Kenbrell Thompkins, Aaron Dobson Developing Well, Patriots’ Receivers Not to Blame for Struggles on Offense

tom-brady-kenbrell-thompkinsFOXBORO, Mass. — After seeing Chad Jackson, Brandon Tate and Taylor Price struggle to learn the intricacies of the Patriots’ offense in 2006, 2009 and 2010, respectively, it appeared a rookie outside receiver would never again contribute with Tom Brady and the Patriots’ complex offense.

But that has changed in 2013. It’s not going perfectly for Kenbrell Thompkins and Aaron Dobson, but it’s surely going better than expected. There have been some speed bumps along the way. After a stellar summer for Thompkins, the undrafted rookie out of Cincinnati looked lost Week 1 against the Bills. But he’s improved since and has become a consistent part of New England’s offense. It’s obvious Brady’s trust in the rookie has increased.

Dobson didn’t stand out quite as much in training camp and the preseason, but he’s already shown a knack for big plays that the Patriots sorely lacked last season. He picked up a 39-yard touchdown against the Jets in Week 2 in his first NFL snap as New England fooled New York by lining Dobson up at H-back. He also reeled off a 53-yard catch in Week 4 that could have gone for a score if he had taken a better route to the end zone.

Thompkins is on pace for 58 catches, 874 yards and 10 touchdowns. Dobson is currently projected for 534 yards on 42 receptions and three touchdowns. Those are some stellar projected numbers for two players that everyone seems to think are the reason the Patriots’ offense is struggling.

And yes, both players have had their fair share of drops. Thompkins has a tendency to body catch and Dobson has found himself in the wrong place at the wrong time on numerous occasions. But Thompkins has proven to be a solid route runner and Dobson has had a tendency to gain separation, no matter who is covering him.

The receivers are not the issue. Thompkins and Dobson aren’t forcing Brady to throw the ball at their feet or over their head. The rookies aren’t forcing Brady to hesitate in the pocket or feel pressure that isn’t there.

That’s not to say Brady has been entirely to blame for the struggles on offense either. The Patriots tried to go into this season with their eye on the present and the future. They also went into the season thinking they would have Aaron Hernandez. They may have thought they would have Rob Gronkowski and Shane Vereen, too, but injuries happen. They can’t be predicted, but they happen. Murder trials and tight ends spending time in jail typically do not.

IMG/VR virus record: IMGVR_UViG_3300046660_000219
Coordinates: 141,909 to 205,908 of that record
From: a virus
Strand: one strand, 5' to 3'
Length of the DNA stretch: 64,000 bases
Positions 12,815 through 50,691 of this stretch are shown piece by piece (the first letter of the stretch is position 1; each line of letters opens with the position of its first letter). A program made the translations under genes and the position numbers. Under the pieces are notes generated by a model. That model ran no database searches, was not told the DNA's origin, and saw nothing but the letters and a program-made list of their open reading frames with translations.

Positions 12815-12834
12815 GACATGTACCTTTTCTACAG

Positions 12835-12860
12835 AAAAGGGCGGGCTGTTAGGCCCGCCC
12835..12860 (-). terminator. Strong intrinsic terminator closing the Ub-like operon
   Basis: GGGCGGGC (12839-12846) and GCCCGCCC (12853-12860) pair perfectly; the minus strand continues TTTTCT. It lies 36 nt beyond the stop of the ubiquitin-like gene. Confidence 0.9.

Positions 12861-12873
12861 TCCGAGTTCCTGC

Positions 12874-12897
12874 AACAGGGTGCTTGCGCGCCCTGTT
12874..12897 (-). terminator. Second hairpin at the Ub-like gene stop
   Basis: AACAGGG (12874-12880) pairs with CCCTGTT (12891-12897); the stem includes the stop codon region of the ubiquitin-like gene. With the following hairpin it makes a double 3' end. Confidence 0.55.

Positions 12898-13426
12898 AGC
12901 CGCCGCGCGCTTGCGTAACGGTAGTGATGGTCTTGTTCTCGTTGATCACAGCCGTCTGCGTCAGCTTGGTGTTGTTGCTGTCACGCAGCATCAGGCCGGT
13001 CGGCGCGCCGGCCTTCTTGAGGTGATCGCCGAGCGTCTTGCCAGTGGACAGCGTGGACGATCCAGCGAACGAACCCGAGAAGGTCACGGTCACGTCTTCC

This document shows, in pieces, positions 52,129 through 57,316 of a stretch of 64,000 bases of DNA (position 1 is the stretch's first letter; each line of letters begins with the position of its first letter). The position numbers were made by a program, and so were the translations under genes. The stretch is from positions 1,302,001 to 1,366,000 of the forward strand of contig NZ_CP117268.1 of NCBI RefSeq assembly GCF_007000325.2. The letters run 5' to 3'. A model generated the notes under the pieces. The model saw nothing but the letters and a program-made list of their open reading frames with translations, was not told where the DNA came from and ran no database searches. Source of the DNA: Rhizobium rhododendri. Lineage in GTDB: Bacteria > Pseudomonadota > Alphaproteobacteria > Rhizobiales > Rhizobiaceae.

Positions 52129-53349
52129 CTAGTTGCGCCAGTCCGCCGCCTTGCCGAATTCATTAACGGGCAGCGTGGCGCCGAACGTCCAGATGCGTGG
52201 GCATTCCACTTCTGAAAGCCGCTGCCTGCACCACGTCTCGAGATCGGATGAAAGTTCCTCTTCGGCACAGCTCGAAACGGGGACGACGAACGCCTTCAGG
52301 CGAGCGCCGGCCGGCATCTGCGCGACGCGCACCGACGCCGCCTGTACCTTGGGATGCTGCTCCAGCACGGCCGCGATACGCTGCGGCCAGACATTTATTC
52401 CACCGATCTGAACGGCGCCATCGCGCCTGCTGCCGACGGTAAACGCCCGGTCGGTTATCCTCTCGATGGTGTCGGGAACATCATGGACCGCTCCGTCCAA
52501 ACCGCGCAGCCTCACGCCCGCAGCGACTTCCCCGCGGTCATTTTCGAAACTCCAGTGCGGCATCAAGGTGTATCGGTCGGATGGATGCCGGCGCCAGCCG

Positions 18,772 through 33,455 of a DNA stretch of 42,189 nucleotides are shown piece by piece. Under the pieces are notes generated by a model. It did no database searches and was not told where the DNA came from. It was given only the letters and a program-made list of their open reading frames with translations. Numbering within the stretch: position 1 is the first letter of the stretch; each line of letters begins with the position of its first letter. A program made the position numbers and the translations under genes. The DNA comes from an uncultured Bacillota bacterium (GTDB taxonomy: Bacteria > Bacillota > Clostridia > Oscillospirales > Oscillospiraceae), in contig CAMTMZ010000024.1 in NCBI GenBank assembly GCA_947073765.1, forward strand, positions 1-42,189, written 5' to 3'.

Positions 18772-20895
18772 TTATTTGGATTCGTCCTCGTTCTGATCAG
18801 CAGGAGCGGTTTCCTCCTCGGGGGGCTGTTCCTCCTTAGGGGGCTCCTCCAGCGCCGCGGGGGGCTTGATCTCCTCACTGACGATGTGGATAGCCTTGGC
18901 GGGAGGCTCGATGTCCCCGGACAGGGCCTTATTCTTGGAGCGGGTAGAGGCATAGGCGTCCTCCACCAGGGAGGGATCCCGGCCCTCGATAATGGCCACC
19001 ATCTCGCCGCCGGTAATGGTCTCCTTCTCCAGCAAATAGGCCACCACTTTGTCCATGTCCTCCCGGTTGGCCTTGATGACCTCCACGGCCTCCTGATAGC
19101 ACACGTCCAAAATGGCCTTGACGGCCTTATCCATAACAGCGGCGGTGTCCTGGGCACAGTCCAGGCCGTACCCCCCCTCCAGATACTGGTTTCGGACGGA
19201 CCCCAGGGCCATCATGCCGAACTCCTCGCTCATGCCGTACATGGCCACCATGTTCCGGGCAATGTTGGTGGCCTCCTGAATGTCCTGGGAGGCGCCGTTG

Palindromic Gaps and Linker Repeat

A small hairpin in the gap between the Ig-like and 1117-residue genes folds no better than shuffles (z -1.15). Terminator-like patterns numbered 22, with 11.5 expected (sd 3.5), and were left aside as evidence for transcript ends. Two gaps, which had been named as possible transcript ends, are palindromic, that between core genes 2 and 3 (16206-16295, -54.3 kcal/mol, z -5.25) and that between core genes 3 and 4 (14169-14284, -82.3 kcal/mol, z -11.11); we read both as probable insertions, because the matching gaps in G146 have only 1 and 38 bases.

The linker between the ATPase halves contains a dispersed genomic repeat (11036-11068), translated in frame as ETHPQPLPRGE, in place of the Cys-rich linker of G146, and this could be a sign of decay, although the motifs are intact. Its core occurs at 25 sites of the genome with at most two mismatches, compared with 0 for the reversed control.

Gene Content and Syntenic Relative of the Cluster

The Patriots proved for four games they could get by with the rookie receivers. After Week 2, much of the criticism over their play diminished. But once the team lost, it’s right back to “the Patriots need to acquire a veteran receiver” — though not typically spoken or typed quite so eloquently.

The team doesn’t need to sign Terrell Owens or trade for Kenny Britt, they need to get the healthy pieces back on offense. And if those players can’t stay healthy, they’re going to need Thompkins and Dobson. This time spent in the offense as key chess pieces will be paying dividends later on.

The Patriots didn’t change their offense for the rookies. But they did finally find players who were smart enough and dedicated enough to break down the wordy, lengthy playbook.

Neither player looks like a guaranteed future star, but both have shown glimpses. They have the potential to be special, but for now, they’re more than adequate.

Signing or trading for a veteran wide receiver is not the solution. Getting Gronkowski back will be a boost. Trying to figure out how to use Julian Edelman and Danny Amendola will go a long way. Getting Vereen back will help. Getting Stevan Ridley back will improve the play action.

There’s a lot wrong with this offense right now, but there’s also more pieces missing than any normal team could surmount. And the issues don’t reside in the wide receiver room, especially the corner where Thompkins and Dobson are hanging out.

The key storyline coming out of the draft was that the Patriots would finally need to successfully develop a rookie wide receiver. They have developed two, but no one is content because the Patriots lost a game.

Have a question for Doug Kyed? Send it to him via Twitter at @DougKyedNESN or send it here.

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